For the first time, schoolgirls have taken into streets, along with thousands of Iranians from all walks of life, including ethnic minorities.

“It’s a revolution to end years of discrimination. We will not remain silent,” said Ziba, 15, who has been protesting in Iran‘s Kurdish region. “We want freedom for all Iranians, from Baluchis to Kurds and Turks.”


Security forces have fiercely confronted the protesters, killing at least 300 of them – including 45 minors – wounding hundreds and arresting thousands, according to rights groups.

Iranian authorities have denied children were killed during the unrest.

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Security forces have raided several schools across the country, detaining schoolgirls, according to videos posted on social media, which Reuters was unable to verify. They fired teargas outside a Tehran school after a clash between staff, students and parents when the principal insisted on checking girls’ phones, according to the one of the videos.

Other social media images have shown schoolgirls tearing up pictures of Supreme Leader Ayatollah Ali Khamenei and the late founder of the 1979 Islamic revolution Ayatollah Ruhollah Khomeini, burning their veils and knocking clerics’ turbans from their heads in the streets.

Such taboo-breaking moments reflect a widening gap between Iran‘s clerical leadership and a young population, analysts say. Many young Iranians have long called for the lifting of social restrictions, such as internet censorship and strict dress codes.

The dozen schoolgirls and university students from across Iran interviewed by Reuters – drawn from different ethnic groups and backgrounds – expressed hope the protests could be a turning point.

“They can kill us. They can arrest us. But it is the start of their end,” said Farzaneh, 16, in a southern Iranian city. “Maybe today. Maybe next week or next month. But our revolt is irreversible.”

However, Sanam Vakil, deputy director at the Royal Institute of International Affairs, said she still expected to see a robust pushback by Iran‘s security forces, involving “more violence and intimidation and fear”.

Iran‘s most widely feared force, the Revolutionary Guards – a hardline military force used by the state to crush political unrest – have yet to be deployed to quell the protests but its top commander warned demonstrators on Saturday to get off the streets.


Yet unrest among university students, who played a major role in toppling the U.S.-backed shah in 1979, is far from dying down, with protests persisting at over 130 universities.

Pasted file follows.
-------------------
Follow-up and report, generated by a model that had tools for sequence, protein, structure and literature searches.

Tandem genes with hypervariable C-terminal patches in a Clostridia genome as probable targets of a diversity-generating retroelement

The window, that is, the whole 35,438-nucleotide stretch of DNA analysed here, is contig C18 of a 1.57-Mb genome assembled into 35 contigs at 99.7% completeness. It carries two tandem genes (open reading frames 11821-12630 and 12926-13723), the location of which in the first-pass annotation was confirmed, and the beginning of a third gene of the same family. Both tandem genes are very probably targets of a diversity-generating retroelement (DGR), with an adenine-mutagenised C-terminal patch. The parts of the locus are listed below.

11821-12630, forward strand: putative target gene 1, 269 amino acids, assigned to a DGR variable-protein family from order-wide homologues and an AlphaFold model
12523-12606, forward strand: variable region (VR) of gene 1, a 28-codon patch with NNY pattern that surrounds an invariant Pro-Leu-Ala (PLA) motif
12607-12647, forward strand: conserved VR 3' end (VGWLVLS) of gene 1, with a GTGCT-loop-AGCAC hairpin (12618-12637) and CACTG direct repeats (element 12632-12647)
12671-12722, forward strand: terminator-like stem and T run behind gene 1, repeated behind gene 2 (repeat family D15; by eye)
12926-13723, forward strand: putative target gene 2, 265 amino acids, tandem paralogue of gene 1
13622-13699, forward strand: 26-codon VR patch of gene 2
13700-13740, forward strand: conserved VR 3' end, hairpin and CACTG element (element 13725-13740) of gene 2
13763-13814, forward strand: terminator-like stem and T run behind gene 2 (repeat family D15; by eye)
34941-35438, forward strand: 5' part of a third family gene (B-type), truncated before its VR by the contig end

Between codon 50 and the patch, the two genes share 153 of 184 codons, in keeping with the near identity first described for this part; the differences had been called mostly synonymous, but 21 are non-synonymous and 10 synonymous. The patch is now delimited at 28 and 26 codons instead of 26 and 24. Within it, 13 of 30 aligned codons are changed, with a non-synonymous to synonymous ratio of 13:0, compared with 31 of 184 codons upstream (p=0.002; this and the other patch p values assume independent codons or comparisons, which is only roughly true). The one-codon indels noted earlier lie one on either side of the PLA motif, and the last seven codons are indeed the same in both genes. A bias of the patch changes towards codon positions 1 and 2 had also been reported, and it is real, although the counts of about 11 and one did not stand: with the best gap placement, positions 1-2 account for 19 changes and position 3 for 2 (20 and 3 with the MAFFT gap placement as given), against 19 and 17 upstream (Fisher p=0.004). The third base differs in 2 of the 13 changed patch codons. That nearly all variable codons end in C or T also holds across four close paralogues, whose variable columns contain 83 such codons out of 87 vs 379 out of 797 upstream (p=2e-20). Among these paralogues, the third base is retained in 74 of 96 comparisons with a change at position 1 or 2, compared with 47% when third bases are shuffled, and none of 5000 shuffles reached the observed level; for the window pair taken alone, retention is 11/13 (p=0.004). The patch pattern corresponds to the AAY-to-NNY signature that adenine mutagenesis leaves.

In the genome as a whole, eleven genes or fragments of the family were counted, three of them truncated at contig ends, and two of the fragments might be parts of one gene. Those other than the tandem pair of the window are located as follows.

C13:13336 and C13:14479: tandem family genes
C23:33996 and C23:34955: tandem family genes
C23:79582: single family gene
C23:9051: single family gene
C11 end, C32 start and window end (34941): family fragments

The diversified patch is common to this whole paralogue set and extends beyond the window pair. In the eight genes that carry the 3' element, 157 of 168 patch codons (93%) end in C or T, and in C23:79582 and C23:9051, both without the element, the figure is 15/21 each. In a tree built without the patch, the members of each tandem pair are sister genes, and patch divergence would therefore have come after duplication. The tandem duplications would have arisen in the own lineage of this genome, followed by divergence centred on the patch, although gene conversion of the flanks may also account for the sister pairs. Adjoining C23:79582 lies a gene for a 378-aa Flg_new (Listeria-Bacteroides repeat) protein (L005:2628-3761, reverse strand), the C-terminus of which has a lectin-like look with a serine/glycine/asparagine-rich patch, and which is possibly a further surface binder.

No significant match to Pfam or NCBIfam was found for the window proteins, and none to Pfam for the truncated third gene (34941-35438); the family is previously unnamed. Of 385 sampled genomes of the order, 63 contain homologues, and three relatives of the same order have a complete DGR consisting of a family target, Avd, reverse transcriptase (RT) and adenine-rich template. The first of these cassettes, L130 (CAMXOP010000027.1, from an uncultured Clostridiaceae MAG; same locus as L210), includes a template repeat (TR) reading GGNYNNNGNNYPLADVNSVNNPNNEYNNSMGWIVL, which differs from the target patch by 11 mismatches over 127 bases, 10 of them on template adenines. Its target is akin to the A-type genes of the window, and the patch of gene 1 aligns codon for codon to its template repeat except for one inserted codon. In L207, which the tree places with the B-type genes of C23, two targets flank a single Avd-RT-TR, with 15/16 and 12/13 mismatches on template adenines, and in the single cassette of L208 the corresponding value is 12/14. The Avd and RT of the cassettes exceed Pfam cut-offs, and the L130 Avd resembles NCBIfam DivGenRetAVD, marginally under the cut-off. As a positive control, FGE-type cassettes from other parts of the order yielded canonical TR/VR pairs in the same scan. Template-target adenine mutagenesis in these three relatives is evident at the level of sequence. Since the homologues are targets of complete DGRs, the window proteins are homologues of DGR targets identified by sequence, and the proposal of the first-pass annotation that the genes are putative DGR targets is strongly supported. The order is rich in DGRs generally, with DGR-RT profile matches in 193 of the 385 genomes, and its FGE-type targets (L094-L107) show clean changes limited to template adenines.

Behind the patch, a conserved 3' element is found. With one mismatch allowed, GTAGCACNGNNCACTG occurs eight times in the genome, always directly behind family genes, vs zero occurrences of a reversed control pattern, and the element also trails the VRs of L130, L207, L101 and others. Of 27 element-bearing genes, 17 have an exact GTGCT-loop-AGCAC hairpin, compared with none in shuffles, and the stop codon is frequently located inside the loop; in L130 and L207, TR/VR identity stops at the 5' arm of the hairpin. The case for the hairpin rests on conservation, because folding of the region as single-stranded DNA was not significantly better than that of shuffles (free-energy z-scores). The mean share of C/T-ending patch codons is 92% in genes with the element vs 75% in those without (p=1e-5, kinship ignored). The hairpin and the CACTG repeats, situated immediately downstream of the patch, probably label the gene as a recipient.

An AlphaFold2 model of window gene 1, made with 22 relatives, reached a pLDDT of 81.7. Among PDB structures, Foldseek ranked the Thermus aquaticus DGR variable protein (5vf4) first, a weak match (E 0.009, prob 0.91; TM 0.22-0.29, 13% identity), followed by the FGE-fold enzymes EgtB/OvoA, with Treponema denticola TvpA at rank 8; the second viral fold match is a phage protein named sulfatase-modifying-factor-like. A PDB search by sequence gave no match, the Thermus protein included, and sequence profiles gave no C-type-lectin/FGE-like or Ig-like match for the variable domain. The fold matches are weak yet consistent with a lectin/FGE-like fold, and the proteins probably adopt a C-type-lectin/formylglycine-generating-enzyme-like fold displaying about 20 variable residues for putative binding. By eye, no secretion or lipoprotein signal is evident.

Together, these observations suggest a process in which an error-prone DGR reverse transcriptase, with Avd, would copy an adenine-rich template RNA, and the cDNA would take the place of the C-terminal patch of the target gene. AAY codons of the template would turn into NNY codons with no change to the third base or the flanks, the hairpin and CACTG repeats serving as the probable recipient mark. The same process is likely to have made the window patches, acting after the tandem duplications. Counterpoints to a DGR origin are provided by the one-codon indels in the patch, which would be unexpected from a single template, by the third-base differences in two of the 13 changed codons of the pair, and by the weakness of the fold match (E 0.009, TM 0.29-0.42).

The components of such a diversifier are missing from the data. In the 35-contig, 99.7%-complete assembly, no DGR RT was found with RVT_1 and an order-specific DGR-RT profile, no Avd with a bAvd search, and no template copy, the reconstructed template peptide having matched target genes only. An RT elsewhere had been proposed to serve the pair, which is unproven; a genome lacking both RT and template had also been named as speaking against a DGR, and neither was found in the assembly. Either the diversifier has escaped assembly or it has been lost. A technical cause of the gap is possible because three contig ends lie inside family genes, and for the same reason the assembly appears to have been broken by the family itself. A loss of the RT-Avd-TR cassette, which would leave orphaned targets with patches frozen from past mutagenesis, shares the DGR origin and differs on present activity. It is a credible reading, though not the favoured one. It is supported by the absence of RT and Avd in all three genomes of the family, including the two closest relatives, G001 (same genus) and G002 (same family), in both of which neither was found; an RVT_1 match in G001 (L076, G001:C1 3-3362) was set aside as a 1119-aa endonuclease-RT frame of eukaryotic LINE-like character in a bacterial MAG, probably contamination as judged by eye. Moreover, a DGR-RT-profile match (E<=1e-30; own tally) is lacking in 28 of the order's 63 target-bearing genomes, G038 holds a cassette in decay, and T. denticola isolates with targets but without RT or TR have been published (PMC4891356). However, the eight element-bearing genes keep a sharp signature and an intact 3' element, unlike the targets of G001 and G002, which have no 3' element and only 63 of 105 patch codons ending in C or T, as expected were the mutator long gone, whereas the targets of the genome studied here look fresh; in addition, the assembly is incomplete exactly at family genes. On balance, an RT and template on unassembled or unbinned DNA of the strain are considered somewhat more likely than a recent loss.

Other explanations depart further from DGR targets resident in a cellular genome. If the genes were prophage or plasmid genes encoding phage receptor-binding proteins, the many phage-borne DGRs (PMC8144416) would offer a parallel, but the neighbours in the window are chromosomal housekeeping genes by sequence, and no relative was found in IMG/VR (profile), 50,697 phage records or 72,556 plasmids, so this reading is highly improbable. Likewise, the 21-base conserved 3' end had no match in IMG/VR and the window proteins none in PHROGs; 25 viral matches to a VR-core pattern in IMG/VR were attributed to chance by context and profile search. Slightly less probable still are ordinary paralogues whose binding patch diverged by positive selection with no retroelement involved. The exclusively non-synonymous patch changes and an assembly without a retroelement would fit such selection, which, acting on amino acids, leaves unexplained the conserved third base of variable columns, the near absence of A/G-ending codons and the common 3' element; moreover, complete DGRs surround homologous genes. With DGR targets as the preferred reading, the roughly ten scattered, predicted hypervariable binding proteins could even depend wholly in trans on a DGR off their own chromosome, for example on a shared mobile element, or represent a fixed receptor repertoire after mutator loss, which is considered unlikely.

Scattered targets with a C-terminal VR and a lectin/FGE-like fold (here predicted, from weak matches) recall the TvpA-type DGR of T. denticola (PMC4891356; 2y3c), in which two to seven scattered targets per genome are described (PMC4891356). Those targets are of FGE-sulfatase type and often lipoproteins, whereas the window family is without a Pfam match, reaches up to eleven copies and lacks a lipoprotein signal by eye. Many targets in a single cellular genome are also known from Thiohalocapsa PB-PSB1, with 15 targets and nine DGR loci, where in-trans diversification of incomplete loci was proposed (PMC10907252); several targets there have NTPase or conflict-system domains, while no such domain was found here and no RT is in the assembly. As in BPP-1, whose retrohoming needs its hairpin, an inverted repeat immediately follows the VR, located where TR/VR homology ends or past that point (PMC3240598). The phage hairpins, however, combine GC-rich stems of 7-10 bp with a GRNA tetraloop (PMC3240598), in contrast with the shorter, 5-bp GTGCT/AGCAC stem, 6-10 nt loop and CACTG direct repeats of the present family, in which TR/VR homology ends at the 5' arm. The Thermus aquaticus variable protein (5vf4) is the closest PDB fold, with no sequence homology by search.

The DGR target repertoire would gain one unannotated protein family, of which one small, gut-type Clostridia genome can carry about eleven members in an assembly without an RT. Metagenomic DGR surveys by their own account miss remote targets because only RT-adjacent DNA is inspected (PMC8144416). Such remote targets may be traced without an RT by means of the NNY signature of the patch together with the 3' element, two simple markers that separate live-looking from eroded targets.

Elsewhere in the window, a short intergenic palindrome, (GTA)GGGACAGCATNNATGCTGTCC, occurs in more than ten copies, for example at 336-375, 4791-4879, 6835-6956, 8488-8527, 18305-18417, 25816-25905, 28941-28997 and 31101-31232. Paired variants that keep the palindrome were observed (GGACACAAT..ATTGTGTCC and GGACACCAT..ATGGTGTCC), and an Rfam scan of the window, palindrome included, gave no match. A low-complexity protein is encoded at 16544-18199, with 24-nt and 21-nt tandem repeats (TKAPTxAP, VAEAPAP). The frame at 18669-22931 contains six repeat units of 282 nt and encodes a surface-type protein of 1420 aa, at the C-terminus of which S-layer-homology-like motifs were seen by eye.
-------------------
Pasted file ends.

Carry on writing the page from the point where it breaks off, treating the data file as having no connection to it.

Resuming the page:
With student numbers swelling in Iran‘s young population, such signs of growing dissent cannot be easily ignored by the authorities, a former moderate official said.

“These protests will end eventually but wounds will remain and rifts will deepen. We should be worried about future protests,” he said.

With deepening economic misery, largely because of U.S. sanctions over Tehran’s disputed nuclear work, many young people are feeling the pain of galloping inflation and rising joblessness.

Inflation has soared to over 50%, the highest level in decades. Youth unemployment remains high with some 50% of Iranians being pushed below the poverty line, according to reports by Iran‘s Statistics Center.

By defying state warnings to end protests, students have paid a heavy price. Security forces have raided university campuses, arrested hundreds of students and injured many more, according to witnesses, social media videos and rights groups.

“We’re angry over years of repression, over a dark future,” said a student at Tehran’s Sharif university, where security forces used teargas and pellet guns to disperse students repeatedly. “We want freedom. We want a future.”

Ali Fatholla-Nejad, an Iran expert with American University of Beirut, said the clerical rulers were themselves being engulfed by a “revolutionary process” and would likely face more unrest in the future.

“If the current uprising is fully repressed, the next eruption of popular anger may also be a question of time,” Fatholla-Nejad said.

(Writing by Parisa Hafezi; Editing by Tom Perry and Daniel Flynn)